While it's well known that pets can lower the stress levels of their human companions, a new study by the Centre for the Human-Animal Bond at Purdue University's veterinary school claims that robot pets can do exactly the same thing.
Researchers studied children aged between seven and 15 who had a Sony Aibo robot dog in parallel with other children who owned a living pet. Over 70 per cent of the robo-pet owners said that the machines 'could be a good companion'.
"Interaction with animals has been shown to increase children's physiological health, social competence and learning opportunities," said lead researcher Gail F. Melson.
"In turn, there has been a movement to create technological substitutes for pets, such as the Tamagotchi, Furby, Tama and Aibo. As this technology becomes more sophisticated and pervasive, its impact on children's lives will increase. "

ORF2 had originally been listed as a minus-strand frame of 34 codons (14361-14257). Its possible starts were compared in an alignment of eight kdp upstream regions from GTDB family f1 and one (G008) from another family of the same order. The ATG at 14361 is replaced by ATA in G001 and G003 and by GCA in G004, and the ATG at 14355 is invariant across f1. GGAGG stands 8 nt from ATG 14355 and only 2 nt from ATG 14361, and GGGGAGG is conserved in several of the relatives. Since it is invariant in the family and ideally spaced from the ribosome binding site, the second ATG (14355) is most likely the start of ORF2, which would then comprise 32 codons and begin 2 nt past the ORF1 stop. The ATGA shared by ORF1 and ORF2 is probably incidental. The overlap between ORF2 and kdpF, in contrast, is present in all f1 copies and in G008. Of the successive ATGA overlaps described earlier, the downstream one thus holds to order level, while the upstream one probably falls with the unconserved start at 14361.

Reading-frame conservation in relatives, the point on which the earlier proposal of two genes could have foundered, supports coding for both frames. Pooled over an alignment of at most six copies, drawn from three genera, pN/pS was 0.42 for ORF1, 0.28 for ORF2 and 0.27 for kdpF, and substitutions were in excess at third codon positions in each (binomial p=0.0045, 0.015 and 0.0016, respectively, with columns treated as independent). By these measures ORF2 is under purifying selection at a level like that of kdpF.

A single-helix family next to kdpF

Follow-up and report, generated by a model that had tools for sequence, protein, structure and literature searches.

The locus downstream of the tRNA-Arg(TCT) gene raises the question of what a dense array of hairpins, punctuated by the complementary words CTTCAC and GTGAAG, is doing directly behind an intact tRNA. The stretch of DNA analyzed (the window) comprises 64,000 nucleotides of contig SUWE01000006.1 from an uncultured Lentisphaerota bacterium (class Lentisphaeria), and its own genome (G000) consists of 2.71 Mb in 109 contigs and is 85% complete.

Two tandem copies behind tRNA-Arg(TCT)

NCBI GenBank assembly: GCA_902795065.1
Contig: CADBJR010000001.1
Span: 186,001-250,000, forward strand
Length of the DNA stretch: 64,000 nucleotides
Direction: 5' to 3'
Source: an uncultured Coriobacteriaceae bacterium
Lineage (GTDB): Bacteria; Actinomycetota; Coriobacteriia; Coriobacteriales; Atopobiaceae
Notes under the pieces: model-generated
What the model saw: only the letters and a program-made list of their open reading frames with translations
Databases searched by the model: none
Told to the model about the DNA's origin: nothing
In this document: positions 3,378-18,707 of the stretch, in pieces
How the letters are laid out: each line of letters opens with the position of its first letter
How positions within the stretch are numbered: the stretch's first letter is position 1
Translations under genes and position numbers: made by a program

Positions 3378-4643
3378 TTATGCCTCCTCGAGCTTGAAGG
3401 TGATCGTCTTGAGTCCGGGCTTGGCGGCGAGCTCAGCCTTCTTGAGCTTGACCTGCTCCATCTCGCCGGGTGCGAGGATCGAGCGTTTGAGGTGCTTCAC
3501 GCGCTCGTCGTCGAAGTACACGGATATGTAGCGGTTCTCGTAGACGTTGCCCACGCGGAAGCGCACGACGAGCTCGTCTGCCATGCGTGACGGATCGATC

The team also gave Aibos to elderly residents in care homes for six weeks and found that they were less depressed and lonely after interaction with the robotic dogs. Some residents reported being more active after playing with the robot.
The work is similar to a study being undertaken in Japan where a mental commitment robot dubbed Paro has been developed.
Paro is a seal-shaped robot designed to mimic a pet but without the problems that can be associated with traditional pets.
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